Responding to President Obama’s speech to the U.S. Chamber of Commerce calling on businesses to hire and invest, the American Meat Institute suggests a good place to start would be to drop the proposed GIPSA rule for livestock marketing.
AMI notes that the comment period on the rule closed in November and more than 60,000 comments were filed. USDA presumably is in the process of reviewing the comments.
In December 2010, Agriculture Secretary Tom Vilsack said the USDA would conduct a more extensive economic analysis of the rule in response to requests from industry and Congress. Several economic studies sponsored by industry groups indicate the rule would have negative consequences for livestock producers and the industry overall, but proponents of the rule question those results.
It remains unclear when, or if, USDA will release results of its economic analysis.
“The future direction of the proposed rule is uncertain, and if there’s one thing that American businesses cannot tolerate easily now it’s more economic uncertainty,” says AMI President J. Patrick Boyle. “Uncertainty kills investment and, in turn, economic growth.”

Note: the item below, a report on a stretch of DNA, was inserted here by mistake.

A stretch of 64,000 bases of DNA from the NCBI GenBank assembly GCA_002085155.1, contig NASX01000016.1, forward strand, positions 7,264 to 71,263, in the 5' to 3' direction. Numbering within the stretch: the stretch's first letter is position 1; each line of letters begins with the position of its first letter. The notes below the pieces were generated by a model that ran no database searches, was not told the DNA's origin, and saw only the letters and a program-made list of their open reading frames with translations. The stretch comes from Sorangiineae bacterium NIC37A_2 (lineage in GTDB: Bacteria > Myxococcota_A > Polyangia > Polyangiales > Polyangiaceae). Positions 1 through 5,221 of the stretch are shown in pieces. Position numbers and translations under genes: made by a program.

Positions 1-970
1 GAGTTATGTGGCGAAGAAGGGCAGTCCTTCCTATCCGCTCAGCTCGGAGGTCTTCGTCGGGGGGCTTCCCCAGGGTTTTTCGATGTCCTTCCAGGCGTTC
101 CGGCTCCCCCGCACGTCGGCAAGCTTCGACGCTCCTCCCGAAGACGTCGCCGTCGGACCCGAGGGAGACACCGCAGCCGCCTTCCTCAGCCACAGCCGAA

Realistically, it seems doubtful the administration would simply drop the proposed marketing rules at this stage. USDA spent the summer conducting a series of “competitiveness workshops,” including one in August that attracted more than 1,200 participants to the Colorado State University campus in Fort Collins to debate the GIPSA rule.
Read “A hot day in Fort Collins” for a summary of the workshop’s proceedings.
During that meeting and in other comments, it became clear that Secretary Vilsack, U.S. Attorney General Eric Holder and other administration officials believe the current livestock marketing system is broken and that new regulations are necessary to “level the playing field” for small producers. And, of course, the rule has strong support from numbers of opinionated and vocal producers around the country.
It seems likely that once USDA completes its review of those 60,000 comments and analyses its own economic study, the agency will make some minor changes to the proposed rule to demonstrate responsiveness to all stakeholders, but a final rule similar to the current proposal is likely. Once implemented, at least some aspects of the final rule likely will face legal challenges that could linger in federal courts for years. So stay tuned.
Read more about the proposed rule from AMI.